Security connected to the computer systems at NTNU.
Table of Contents [-]
- Read the IT regulations
- You are not anonymous!
- File permissions
- Security at your workstation
- Secure your computer
- Report data security violations
- Suspicious email.
- See also
Norsk versjon - IT-sikkerhet
Read the IT regulations #
Before you begin to use NTNU's computer systems, you need to read the university's IT regulations.
You are not anonymous! #
You are not anonymous when you are using NTNU's network. The university keeps logs with information on computer activity, which can be used to investigate regulation violations or computer hacking. You can read more about logging at this page.
You should have a secure password, mainly to prevent other people from gaining access to your files and to prevent unauthorized people from getting into NTNU's computer system. Most break-ins happen when the intruder randomly chooses your (poorly protected) account to gain access, and then gets into the system from there. Strong passwords help prevent break-ins.
You are not allowed to share your password. If someone offers to help you and wants your password to fix something, just say no. Instead, go to Orakel Support Services to get help. NTNU's operations division or Orakel will never ask for your password on the telephone or by email.
Good password practices #
You should change your password roughly once a semester, which is best done after holiday breaks. Under the IT regulations, you are required to change your password if you know or suspect that someone else knows or has gotten your password.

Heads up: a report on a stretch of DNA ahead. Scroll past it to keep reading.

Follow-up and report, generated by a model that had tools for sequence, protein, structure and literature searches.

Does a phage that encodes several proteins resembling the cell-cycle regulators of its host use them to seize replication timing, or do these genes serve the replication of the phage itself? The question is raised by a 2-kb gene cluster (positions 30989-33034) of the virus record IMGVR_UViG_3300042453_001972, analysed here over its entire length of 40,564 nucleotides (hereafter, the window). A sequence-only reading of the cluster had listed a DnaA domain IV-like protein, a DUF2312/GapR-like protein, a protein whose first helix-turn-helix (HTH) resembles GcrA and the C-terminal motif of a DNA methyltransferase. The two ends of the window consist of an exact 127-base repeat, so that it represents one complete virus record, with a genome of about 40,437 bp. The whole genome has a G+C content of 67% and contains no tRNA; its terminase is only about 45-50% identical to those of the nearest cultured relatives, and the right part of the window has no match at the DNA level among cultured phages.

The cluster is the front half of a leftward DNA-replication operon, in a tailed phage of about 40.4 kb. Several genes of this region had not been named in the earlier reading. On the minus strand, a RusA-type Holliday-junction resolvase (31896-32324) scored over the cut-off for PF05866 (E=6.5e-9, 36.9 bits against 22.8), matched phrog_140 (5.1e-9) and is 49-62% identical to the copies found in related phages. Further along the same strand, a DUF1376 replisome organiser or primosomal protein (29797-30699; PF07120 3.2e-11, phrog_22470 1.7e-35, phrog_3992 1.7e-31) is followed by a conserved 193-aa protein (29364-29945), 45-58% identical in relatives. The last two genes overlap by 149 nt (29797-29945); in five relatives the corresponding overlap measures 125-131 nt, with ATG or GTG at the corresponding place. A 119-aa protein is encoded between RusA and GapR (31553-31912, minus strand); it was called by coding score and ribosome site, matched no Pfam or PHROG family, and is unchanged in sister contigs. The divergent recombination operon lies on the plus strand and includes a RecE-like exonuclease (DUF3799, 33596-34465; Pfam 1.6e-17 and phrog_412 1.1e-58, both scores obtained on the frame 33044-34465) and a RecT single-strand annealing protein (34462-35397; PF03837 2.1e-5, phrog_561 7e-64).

Reuse of your password #
Don't use your NTNU password for web-based services such as Facebook, Hotmail, Google, Amazon, and similar services. It is a good idea to have different passwords for different systems and computers to minimize the amount of damage that can be done if someone gets a hold of one of your passwords.
Saving your password #
Many email programs allow you to save your password so that you don't have to sign in every time you want to read your email. This can be risky, because the password will likely be saved on that particular computer, which will make it available to anyone who uses the computer after you.
A number of webmail services, such as Hotmail, offer to check your mail on your NTNU account. You should absolutely not enter your password there, because it will be very easy to find and misuse if an intruder gets into Hotmail's server.
Break-ins to NTNU's computer systems cost the university a great deal of time and money every year. By having a strong password, you can reduce the risk of break-ins. That frees us to use resources to develop offerings for you and your fellow students.
File permissions #
In UNIX, which is used on all file servers for stud.ntnu.no, files can be protected to prevent unauthorized people from reading them, writing into them or searching for them. You can read about file permissions to determine if and how you want to give your files additional protection.